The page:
9. Indigenous Policy Conference Summary Report: Beyond Reconciliation

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    Sophie Lorefice

    2017-10-01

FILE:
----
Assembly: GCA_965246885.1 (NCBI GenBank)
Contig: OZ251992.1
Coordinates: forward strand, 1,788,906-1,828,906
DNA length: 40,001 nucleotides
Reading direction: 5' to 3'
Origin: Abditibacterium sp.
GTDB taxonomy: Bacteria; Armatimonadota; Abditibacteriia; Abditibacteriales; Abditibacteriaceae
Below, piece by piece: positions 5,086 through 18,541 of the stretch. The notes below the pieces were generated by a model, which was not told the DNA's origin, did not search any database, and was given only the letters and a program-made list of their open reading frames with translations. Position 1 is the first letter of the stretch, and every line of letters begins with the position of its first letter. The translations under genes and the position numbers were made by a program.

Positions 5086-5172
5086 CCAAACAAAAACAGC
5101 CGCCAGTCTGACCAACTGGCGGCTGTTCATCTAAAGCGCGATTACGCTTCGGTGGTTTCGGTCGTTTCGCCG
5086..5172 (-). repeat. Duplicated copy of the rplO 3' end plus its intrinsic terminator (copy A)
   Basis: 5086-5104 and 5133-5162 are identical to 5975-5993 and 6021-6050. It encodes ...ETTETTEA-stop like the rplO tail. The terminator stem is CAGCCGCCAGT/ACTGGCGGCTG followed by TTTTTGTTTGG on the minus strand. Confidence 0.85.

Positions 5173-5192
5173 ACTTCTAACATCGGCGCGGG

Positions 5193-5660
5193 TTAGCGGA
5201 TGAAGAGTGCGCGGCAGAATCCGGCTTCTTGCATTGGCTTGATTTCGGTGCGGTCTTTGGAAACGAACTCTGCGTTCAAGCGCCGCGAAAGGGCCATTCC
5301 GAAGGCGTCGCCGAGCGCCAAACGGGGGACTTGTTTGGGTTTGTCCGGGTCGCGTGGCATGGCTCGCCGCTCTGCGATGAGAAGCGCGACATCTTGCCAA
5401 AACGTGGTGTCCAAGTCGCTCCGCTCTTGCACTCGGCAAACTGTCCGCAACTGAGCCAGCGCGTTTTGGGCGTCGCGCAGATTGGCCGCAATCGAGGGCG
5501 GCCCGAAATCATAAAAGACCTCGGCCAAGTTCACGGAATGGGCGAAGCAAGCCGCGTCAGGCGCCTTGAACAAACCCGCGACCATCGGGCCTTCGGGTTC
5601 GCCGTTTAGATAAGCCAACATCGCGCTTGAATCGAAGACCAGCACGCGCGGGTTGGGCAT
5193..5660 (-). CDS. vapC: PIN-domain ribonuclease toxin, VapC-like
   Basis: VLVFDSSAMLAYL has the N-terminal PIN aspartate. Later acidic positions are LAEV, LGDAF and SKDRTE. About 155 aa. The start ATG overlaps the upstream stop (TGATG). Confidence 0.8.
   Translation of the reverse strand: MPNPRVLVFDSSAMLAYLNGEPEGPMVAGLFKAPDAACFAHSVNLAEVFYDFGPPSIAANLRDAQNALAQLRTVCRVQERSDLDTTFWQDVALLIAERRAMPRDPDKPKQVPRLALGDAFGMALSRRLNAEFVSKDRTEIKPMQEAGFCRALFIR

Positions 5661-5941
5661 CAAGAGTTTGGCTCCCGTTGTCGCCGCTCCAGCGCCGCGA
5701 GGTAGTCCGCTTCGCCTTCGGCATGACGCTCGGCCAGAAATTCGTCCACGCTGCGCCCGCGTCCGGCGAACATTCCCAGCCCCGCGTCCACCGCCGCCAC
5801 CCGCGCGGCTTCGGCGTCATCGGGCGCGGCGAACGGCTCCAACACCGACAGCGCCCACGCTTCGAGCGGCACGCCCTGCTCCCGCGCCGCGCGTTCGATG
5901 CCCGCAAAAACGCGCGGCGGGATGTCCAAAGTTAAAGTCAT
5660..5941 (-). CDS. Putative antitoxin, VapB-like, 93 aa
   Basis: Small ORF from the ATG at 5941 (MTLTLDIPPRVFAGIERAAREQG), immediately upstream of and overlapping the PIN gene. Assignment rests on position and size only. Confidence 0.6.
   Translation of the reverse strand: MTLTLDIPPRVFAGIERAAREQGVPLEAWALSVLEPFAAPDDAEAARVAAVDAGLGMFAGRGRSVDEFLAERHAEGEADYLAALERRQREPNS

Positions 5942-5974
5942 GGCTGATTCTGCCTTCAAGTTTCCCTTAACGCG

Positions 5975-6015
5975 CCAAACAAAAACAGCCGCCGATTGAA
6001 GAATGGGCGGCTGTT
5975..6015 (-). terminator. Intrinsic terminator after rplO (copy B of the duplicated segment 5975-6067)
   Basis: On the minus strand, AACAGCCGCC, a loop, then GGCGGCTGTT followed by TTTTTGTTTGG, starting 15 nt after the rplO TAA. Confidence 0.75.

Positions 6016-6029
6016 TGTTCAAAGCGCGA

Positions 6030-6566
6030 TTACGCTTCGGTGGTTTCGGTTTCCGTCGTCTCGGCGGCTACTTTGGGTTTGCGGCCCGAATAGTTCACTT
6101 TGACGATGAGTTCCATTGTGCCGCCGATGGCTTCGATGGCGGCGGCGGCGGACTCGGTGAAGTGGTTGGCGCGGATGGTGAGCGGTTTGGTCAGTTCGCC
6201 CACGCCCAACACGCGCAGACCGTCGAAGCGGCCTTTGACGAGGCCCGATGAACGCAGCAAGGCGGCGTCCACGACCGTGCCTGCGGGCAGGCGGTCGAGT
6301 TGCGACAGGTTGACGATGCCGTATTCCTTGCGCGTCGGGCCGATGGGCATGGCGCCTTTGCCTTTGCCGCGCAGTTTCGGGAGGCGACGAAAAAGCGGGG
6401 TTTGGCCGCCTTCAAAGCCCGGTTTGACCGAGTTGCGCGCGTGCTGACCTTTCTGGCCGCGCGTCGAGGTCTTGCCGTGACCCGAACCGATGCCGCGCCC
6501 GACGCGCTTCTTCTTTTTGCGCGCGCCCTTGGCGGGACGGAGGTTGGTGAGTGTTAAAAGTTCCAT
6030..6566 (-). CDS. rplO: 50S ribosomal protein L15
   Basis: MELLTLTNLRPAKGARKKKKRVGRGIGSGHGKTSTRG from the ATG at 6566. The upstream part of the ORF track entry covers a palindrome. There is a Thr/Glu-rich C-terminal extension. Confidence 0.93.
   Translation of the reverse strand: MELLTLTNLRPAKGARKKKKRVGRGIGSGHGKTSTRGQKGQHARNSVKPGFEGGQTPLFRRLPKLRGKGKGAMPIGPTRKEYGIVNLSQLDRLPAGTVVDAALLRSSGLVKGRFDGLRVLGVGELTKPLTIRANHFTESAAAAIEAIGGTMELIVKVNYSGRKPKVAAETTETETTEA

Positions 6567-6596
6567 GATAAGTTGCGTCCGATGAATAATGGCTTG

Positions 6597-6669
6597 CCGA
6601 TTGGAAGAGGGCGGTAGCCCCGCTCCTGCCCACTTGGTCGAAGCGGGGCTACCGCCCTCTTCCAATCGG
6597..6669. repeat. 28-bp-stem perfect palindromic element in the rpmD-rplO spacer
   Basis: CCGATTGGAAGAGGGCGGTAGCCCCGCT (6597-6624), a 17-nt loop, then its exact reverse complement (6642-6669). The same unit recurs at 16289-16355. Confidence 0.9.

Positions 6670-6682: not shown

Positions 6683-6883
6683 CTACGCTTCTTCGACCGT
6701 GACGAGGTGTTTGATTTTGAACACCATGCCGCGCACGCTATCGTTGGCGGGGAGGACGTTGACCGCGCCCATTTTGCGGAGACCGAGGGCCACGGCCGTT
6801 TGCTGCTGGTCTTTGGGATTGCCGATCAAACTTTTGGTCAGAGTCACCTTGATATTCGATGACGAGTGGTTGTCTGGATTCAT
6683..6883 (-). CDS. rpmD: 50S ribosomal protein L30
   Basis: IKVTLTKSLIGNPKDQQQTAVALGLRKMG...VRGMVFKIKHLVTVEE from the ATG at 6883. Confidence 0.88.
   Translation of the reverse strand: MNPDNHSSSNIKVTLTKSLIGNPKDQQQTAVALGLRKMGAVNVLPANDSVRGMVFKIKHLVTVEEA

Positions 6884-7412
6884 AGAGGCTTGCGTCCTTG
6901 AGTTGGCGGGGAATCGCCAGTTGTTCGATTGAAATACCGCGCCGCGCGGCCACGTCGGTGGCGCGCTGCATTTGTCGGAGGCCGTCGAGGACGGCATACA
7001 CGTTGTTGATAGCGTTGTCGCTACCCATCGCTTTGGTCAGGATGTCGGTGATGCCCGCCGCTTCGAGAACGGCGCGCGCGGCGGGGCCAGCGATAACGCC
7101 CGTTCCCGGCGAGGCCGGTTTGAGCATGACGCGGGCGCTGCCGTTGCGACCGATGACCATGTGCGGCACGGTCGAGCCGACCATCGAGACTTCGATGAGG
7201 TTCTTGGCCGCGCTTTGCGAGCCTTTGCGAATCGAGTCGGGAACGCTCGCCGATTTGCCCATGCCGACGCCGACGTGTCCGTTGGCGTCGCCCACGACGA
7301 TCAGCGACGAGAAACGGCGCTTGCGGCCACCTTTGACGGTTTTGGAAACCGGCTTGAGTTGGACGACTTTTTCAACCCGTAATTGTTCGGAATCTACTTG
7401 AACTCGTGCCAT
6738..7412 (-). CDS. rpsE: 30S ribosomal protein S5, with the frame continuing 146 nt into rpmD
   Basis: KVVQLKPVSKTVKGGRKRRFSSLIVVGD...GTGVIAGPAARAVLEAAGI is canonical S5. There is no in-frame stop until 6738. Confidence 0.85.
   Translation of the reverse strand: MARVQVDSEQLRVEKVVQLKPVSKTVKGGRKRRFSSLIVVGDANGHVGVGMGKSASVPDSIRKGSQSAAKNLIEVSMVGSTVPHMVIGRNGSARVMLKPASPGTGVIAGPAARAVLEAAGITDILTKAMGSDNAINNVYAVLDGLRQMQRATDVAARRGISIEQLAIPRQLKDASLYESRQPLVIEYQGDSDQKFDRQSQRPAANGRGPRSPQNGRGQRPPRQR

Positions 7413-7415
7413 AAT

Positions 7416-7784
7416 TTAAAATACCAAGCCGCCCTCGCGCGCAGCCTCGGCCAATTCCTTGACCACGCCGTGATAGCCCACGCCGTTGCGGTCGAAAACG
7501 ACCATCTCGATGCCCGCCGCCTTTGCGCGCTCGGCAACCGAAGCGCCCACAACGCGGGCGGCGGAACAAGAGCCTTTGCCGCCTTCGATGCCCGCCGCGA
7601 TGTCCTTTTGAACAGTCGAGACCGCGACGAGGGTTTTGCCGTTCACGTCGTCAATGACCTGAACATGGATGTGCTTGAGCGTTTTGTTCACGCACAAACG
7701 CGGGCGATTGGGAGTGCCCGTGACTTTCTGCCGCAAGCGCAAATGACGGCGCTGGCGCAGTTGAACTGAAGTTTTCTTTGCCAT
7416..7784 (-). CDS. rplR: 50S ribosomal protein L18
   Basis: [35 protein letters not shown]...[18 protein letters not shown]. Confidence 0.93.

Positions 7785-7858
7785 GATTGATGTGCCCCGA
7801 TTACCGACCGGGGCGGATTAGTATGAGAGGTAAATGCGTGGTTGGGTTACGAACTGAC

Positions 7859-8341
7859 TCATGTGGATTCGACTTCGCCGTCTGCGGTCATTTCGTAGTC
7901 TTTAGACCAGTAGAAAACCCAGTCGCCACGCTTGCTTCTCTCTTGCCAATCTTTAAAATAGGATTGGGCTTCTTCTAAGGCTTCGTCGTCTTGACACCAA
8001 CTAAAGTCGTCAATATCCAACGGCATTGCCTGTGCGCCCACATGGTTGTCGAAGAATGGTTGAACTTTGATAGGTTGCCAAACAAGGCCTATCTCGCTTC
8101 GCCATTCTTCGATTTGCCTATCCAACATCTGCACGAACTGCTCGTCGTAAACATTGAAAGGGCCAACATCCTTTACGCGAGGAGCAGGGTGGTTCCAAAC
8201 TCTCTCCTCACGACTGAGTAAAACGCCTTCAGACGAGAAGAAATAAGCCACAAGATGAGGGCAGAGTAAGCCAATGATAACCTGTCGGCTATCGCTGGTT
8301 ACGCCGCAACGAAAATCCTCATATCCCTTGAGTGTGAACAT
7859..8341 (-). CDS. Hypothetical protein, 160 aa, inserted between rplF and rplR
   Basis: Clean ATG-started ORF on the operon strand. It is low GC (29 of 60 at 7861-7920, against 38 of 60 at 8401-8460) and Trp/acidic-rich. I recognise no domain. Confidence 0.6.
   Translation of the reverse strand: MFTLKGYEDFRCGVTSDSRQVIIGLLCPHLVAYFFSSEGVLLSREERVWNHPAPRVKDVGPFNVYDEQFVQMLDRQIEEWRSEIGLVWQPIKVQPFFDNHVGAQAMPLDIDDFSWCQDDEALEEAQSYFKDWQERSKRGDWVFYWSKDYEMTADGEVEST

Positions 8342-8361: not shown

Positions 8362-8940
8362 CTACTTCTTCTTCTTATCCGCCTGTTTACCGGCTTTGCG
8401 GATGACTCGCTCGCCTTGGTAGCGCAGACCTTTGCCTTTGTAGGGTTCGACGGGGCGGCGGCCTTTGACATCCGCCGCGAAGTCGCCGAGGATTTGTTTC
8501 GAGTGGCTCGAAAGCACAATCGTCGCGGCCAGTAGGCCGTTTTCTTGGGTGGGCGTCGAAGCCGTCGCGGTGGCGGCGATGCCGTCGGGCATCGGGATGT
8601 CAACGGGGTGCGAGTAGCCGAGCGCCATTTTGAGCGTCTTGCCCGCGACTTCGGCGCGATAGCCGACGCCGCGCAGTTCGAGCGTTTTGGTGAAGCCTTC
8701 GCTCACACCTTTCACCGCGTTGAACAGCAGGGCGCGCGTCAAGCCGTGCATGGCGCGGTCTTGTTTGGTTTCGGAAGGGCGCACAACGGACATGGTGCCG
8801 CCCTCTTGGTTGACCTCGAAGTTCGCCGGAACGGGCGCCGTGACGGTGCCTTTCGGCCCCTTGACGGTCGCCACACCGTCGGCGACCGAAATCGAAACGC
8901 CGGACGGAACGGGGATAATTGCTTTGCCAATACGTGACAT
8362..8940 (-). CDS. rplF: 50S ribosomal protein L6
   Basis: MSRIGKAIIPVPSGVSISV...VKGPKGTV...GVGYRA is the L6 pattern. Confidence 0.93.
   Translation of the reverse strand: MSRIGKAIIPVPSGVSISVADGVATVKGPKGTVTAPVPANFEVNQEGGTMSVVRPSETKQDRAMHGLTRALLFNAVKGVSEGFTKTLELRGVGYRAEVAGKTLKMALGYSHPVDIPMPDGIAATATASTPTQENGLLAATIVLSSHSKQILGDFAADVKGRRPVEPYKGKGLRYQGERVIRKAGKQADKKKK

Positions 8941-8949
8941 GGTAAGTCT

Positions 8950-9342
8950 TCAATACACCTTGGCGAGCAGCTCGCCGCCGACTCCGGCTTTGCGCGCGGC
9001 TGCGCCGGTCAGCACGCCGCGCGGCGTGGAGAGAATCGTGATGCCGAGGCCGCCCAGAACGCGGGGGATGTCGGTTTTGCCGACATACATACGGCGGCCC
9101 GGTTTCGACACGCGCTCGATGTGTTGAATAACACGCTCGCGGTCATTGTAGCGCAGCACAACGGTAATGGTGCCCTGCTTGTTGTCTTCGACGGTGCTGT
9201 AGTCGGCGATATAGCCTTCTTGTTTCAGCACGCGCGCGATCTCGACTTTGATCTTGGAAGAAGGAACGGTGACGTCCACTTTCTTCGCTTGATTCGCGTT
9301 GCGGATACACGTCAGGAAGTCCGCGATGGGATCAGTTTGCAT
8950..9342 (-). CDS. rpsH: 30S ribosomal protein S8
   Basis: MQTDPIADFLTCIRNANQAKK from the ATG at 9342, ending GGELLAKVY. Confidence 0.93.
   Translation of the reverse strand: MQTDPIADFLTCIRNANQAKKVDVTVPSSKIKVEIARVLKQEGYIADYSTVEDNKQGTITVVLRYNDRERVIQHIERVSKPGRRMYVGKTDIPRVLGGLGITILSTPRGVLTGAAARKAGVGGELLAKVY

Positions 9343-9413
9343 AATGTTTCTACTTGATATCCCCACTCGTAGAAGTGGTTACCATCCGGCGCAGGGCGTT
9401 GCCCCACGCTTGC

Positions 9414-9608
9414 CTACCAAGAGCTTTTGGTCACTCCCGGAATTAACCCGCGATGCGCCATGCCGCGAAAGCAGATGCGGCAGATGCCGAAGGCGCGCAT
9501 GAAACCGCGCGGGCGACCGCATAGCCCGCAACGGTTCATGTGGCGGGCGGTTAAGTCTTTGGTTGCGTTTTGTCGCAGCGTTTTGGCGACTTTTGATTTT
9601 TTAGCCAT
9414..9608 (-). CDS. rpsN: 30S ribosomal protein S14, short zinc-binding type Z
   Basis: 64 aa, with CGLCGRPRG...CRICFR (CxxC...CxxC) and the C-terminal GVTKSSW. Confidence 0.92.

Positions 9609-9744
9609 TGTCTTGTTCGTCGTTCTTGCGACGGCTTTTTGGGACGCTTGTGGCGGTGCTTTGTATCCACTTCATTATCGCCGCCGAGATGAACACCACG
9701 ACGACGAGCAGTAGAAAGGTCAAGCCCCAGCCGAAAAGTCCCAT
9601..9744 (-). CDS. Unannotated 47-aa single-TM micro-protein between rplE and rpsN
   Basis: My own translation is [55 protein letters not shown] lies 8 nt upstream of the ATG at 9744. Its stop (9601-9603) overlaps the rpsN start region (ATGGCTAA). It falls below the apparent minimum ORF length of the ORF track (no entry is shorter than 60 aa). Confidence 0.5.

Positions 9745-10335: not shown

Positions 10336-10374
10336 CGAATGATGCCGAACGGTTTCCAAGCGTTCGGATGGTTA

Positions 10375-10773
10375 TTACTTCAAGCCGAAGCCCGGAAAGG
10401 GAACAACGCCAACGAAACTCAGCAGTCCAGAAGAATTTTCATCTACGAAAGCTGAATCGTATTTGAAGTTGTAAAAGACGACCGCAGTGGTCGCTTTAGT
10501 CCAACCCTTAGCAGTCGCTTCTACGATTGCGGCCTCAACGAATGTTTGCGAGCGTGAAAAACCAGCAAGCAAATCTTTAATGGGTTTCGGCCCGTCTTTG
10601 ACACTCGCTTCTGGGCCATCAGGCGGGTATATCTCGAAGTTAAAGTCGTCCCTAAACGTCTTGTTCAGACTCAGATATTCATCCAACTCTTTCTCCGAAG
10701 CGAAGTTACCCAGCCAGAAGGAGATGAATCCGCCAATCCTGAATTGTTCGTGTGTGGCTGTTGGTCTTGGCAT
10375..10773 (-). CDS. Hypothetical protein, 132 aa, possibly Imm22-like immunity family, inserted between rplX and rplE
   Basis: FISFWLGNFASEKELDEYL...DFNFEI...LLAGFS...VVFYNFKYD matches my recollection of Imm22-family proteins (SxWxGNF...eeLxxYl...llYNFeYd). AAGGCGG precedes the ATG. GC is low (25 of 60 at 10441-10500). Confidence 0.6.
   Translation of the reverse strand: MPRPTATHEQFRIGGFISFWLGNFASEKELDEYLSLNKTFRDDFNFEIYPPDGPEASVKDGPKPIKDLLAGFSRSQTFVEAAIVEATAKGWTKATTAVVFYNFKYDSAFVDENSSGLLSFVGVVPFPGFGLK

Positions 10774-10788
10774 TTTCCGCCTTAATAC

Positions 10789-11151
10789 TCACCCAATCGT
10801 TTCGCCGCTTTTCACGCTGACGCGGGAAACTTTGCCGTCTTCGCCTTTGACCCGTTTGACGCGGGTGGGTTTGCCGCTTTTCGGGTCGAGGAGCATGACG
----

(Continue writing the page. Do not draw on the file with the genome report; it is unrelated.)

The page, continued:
Full Text Available The School of Public Policy (SPP at the University of Calgary organized a conference to announce the establishment of its Indigenous Policy program and to share knowledge and stories about policy issues critical to Indigenous Peoples in Canada. The conference, titled “Beyond Reconciliation,” was held at the University of Calgary Downtown Campus on Nov. 21, 2016 and was attended by 73 participants. This included Indigenous elders, chiefs and leaders, and members of Indigenous organizations, including a women’s group. Also included were members of universities and academic institutions, including students; industry representatives from the oil and gas, pipeline, forestry, electricity, legal and financial sectors; as well as representatives from government and regulatory agencies. The purpose of the conference was established with the following abstract, which was circulated to speakers and participants: The School of Public Policy is establishing a new Indigenous Policy program in order to produce widely disseminated research and engage in outreach that covers an array of policy areas, such as health, education, self-government, and natural resource development. The program will directly engage Indigenous communities in the search for original, long-term, and evidence-based solutions, as part of an effort to improve our national capacity in problem-solving and policy development. The conference will provide a platform to launch the program, showcasing preliminary research and providing a venue for discussion of policy solutions. The conference included three moderated panel sessions and a keynote speaker.1 The first panel considered business and entrepreneurship in Indigenous communities; the second panel showcased case studies that are examining the experiences of Indigenous communities with natural resource development projects, and particularly their experiences with consultation and engagement. The final panel focused on ways of